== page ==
By Ben Casselman....
A FiveThirtyEight analysis shows that by far the single biggest predictor of whether someone will be out of work for a year or more is the state of the economy when he or she loses his or her job.1 Over the past 15 years, a period spanning two recessions, a one-point increase in the unemployment rate increased an individual’s odds of remaining unemployed for at least a year by about 35 percent. No other characteristic — age, sex, race, marital status, education or occupation, among others — had even close to that big an effect.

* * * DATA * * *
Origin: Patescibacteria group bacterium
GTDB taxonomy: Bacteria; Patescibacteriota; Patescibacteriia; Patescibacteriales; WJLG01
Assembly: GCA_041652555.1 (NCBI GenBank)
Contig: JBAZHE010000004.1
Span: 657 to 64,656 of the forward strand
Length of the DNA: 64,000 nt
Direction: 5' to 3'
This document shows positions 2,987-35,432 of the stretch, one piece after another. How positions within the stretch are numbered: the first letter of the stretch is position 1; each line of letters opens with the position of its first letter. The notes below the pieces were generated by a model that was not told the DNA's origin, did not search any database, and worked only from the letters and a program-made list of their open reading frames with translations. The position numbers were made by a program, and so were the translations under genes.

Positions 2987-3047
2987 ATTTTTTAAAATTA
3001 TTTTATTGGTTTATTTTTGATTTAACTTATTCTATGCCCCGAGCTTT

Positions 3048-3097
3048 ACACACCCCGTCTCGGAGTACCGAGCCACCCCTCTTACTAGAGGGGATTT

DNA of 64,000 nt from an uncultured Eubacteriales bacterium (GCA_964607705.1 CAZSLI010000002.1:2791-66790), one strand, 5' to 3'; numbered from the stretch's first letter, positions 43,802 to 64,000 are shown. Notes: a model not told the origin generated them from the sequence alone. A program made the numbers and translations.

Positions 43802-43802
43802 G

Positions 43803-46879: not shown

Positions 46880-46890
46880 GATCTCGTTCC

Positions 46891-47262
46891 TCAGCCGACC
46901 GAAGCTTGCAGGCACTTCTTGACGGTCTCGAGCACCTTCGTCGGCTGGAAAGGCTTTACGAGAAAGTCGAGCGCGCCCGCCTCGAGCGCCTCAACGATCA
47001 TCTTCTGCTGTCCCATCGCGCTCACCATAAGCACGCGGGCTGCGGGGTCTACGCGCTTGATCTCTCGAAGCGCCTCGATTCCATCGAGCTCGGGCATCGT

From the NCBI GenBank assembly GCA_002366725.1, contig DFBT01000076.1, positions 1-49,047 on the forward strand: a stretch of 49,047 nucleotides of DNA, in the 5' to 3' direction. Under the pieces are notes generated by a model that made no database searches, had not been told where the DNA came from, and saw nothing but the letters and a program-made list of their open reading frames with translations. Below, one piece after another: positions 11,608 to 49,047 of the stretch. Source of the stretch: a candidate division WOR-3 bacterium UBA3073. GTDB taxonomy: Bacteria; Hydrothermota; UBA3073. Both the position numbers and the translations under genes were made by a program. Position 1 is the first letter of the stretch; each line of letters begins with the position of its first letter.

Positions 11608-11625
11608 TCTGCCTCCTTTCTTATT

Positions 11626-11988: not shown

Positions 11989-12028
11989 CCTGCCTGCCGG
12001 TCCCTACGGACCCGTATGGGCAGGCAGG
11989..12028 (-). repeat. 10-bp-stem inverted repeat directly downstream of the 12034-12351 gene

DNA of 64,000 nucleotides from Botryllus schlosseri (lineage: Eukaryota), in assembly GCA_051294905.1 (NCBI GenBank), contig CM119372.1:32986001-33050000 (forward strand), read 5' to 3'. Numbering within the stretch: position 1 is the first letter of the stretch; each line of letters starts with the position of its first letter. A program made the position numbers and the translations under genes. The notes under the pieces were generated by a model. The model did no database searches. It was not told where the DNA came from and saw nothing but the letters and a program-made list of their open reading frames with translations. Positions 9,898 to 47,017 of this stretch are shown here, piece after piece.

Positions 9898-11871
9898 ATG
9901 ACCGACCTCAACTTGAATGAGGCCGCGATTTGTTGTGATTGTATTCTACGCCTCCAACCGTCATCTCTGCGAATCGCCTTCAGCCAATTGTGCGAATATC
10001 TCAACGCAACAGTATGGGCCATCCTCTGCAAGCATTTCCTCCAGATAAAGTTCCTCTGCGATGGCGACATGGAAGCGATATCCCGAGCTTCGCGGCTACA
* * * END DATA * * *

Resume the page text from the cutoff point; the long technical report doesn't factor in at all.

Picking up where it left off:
Americans who had the misfortune of losing their jobs during the height of the most recent recession in 2009 were more than four times as likely to end up out of work for a year or longer than those who lost their jobs during the comparatively good economy of 2007. Extended unemployment benefits, which are often cited as a driver of the persistently high levels of long-term joblessness, don’t appear to be a major cause of the pattern.
National Jobs for All Coalition
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